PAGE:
The Newcrest Mining Limited (ASX: NCM) share price has been on an absolute tear so far in 2019, rocketing from just under $22 per share to almost $36 per share today, a gain of 65%.
But before you jump in and buy today, here are three things you must know:
1. How much gold does Newcrest Mining have?
At 31 December Newcrest Mining estimated that it had total reserves of 54 million ounces (oz) of gold. That’s a lot of gold!
To give it a sense of scale, fellow listed gold producer Northern Star Resources Ltd (ASX: NST) reported group reserves of one-tenth of that, 5.4 million ounces of gold, at 30 June 2019.
Even if we subtract the 1.3 million ounces of gold that Newcrest Mining hauled out of the ground between January and June this year, Newcrest would have enough gold for roughly the next 21 years, based on 2019 full year production.
2. How much debt does Newcrest Mining have?
Oh man, do we want to check this closely. Debt can amplify returns for shareholders when gold prices are climbing, but it also can add big risk if commodity prices fall. Newcrest knows this only too well after piling on debt leading up to the gold price collapse in 2013 and 2014.
The company seems to have learned its lesson. At 30 June 2019 Newcrest had borrowings of US$2 billion on its balance sheet and cash of US$1.6 billion.
This is far more conservative than the ballooning US$4 billion of debt the company held at the same point in 2014 when the price of gold was plunging.
3. What is Newcrest Mining’s cost of production?
One of the few competitive advantages a gold producer can hold is minimising its costs.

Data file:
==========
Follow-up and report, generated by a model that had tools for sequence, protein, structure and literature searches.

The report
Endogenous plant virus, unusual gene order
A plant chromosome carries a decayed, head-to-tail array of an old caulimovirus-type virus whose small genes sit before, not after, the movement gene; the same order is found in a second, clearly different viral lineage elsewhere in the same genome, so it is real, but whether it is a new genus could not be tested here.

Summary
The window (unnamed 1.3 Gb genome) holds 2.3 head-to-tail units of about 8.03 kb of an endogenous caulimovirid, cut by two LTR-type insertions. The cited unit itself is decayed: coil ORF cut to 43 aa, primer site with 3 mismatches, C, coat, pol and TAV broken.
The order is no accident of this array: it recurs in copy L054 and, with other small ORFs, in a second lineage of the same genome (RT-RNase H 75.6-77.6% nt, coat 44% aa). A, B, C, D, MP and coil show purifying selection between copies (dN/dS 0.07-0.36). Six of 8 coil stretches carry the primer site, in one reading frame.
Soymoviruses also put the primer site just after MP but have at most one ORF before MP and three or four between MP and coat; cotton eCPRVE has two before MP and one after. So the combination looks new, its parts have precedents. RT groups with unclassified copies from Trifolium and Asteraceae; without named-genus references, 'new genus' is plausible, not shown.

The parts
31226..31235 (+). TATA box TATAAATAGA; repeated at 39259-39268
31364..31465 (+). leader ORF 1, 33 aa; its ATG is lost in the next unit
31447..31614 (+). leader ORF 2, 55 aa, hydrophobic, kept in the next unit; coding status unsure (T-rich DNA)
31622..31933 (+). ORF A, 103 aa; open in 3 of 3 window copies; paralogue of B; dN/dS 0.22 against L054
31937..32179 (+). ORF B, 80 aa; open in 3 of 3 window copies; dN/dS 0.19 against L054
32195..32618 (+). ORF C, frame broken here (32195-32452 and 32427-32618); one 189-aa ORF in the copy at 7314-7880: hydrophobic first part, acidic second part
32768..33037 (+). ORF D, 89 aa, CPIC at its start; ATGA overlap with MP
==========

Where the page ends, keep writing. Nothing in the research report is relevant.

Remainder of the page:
The scale that Newcrest operates on, as well as its geographic mix, helps to make it one of the best low-cost ASX listed gold producers. For the year to 30 June 2019, Newcrest had an average All-In Sustaining Cost (AISC) per ounce of just US$738 per ounce (around $1,091), compared to Northern Star’s AISC of AU$1,296 per ounce.
Having a lot of gold, conservative gearing and low cost production are highly attractive attributes for a resource producer. Personally, I don’t think the Newcrest share price offers much value at its current price, but the company looks well positioned to endure inevitable ups and downs that come with commodity prices.
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The Motley Fool Australia has no position in any of the stocks mentioned. We Fools may not all hold the same opinions, but we all believe that considering a diverse range of insights makes us better investors. The Motley Fool has a disclosure policy. This article contains general investment advice only (under AFSL 400691). Authorised by Scott Phillips.